taking pictures under the bridges. Anyone who says rain is good luck on your wedding day is lying. But it cleared just long enough for us to race over to the park after the ceremony, and they were such
professionals about it. Even though my hair fell because of the humidity, I’m glad we took the risk. (And luckily, I found four aqua umbrellas two days before the wedding at a hardware store on Court St.
— the employee gave me a discount because we were getting married!) The dance floor pictures are totally priceless! I also really have to credit Christine Viola of Exquisite Affairs Productions, who basically saved me from a hundred panic attacks.
Ceremony: We really cared about creating a ceremony that represented us. We spent a lot of time finding Bible readings that would speak to all of our guests, including one that mentions crafts (Proverbs 31 —
“She obtains wool and flax And makes cloth with skillful hands“) and chose the Gospel reading about Zaccheus, a childhood favorite of mine because I’m short. We also wrote our own vows, which is unusual for
Catholic weddings, as well as several smaller parts of the ceremony.
Music: For our ceremony, we really loved the idea of strings for most of the Mass, but this required a lot of extra work. Hire Conservatory Alumni worked with us to personalize the service and transcribe music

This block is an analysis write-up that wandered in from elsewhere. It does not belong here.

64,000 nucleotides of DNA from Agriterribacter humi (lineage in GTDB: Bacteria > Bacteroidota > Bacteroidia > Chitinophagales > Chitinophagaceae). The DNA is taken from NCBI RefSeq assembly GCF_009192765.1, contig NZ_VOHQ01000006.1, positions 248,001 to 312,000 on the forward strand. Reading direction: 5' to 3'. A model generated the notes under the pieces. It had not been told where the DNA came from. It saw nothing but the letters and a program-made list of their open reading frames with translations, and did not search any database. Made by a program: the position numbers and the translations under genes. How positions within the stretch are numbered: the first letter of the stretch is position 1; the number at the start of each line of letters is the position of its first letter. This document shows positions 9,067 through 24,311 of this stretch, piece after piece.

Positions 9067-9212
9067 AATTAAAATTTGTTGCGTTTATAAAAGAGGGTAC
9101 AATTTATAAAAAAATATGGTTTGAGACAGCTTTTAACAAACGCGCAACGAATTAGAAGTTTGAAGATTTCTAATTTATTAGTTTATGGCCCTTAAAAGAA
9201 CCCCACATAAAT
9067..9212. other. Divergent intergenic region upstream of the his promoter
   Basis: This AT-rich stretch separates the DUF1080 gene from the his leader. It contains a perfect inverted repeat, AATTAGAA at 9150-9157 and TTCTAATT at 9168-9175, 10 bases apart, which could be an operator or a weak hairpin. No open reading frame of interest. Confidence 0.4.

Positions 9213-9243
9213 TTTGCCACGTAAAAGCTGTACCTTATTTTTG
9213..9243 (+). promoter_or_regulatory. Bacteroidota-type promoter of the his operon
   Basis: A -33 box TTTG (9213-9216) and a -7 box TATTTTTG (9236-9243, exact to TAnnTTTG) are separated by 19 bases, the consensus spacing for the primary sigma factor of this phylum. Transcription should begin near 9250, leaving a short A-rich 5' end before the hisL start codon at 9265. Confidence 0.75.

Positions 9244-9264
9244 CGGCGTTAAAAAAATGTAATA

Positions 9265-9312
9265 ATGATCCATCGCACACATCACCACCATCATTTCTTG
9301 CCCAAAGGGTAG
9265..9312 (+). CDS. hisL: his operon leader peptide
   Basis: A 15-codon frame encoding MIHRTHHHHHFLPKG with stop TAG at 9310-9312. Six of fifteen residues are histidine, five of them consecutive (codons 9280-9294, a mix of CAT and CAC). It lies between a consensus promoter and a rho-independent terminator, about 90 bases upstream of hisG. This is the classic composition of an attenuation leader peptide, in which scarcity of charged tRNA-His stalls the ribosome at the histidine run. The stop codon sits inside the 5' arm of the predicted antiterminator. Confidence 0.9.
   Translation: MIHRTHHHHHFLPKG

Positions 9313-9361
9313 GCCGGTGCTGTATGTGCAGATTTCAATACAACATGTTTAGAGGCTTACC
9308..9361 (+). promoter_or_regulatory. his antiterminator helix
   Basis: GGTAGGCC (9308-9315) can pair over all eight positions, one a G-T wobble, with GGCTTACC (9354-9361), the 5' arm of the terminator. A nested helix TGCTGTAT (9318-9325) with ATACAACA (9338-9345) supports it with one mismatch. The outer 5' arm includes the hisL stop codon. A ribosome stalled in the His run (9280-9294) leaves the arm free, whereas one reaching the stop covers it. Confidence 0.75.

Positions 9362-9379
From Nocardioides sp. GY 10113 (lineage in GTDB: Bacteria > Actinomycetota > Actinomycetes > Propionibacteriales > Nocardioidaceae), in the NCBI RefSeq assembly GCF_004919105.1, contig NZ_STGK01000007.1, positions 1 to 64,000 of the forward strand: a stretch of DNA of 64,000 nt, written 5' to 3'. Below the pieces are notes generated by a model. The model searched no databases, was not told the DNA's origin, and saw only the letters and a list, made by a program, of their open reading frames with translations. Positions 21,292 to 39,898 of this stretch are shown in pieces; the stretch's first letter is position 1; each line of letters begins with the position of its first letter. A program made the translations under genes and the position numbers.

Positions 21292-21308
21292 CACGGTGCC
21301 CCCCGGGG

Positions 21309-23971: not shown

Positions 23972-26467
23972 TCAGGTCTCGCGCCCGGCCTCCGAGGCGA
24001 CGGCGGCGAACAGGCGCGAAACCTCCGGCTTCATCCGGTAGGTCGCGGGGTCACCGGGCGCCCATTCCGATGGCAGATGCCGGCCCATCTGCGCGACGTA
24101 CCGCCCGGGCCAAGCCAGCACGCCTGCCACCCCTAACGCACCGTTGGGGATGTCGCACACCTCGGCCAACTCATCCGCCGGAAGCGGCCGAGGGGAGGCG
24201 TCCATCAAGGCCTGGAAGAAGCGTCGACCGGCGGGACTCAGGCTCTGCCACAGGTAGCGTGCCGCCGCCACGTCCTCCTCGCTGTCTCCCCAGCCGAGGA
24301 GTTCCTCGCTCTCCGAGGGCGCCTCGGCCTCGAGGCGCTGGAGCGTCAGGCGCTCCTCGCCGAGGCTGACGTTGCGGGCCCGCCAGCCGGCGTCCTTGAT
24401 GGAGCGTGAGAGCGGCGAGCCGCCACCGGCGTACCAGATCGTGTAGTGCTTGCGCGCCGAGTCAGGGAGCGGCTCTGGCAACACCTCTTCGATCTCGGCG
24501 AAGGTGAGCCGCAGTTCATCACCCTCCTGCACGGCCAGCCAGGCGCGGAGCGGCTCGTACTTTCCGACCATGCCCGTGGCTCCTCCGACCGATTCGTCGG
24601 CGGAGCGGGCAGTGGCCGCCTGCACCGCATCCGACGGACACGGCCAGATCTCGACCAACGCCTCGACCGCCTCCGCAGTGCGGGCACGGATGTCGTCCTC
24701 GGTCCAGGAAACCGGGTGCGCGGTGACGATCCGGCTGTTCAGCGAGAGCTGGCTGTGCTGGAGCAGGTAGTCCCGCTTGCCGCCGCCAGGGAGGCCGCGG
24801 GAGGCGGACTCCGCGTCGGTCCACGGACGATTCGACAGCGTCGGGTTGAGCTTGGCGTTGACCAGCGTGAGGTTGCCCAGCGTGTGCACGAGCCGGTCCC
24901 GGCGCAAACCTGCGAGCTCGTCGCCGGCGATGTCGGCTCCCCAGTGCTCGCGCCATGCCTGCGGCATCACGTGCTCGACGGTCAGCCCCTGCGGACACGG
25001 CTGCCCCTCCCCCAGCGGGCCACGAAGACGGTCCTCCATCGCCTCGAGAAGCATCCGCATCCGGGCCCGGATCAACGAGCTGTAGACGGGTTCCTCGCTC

traditionally played on other instruments. I walked down to the aisle to “Anne’s Theme” from “Anne of Green Gables,” which sounded so beautiful in strings. And for our processional, they played an
instrumental version of U2’s “Beautiful Day.” It was just perfect. For our reception, we used the Downtown Band from Hank Lane, who were a total blast.
I knew immediately that I would knit and crochet shawls for my bridesmaids, which was a wonderful way to really relax and focus on our friendships before the wedding. I picked a different pattern for each of my girls, crocheting two and knitting two. For the groomsmen and our dads, I sewed boutonnières out of different “chocqua” fabrics, so each one was unique. People told us not to bother with programs,
but I always love reading about different traditions and following along with the service when I’m at weddings. I designed them myself, had them printed locally and included personal stories about us and our wedding party, as well as this poem by ee cummings. I also made a cake topper that looks alarmingly like us.
What I couldn’t make myself, I bought on Etsy.com because I really wanted to support independent artists. Myra at Twigs and Honey made my hairpiece, but I ended up swapping the center flower out and adding
one that matched our colors more. I bought cute flower earrings from Luxe Deluxe, and our ring holder, which was engraved with the same ee cummings poem, was from Palomas Nest. (Sadly, this got lost at the
reception!) I wore my mother’s pearl bracelet and carried my grandmother’s vintage handkerchief; Jon wore his grandfather’s cufflinks. And we bought our rings at Clay Pot in Park Slope.
[images by Jennifer Shea]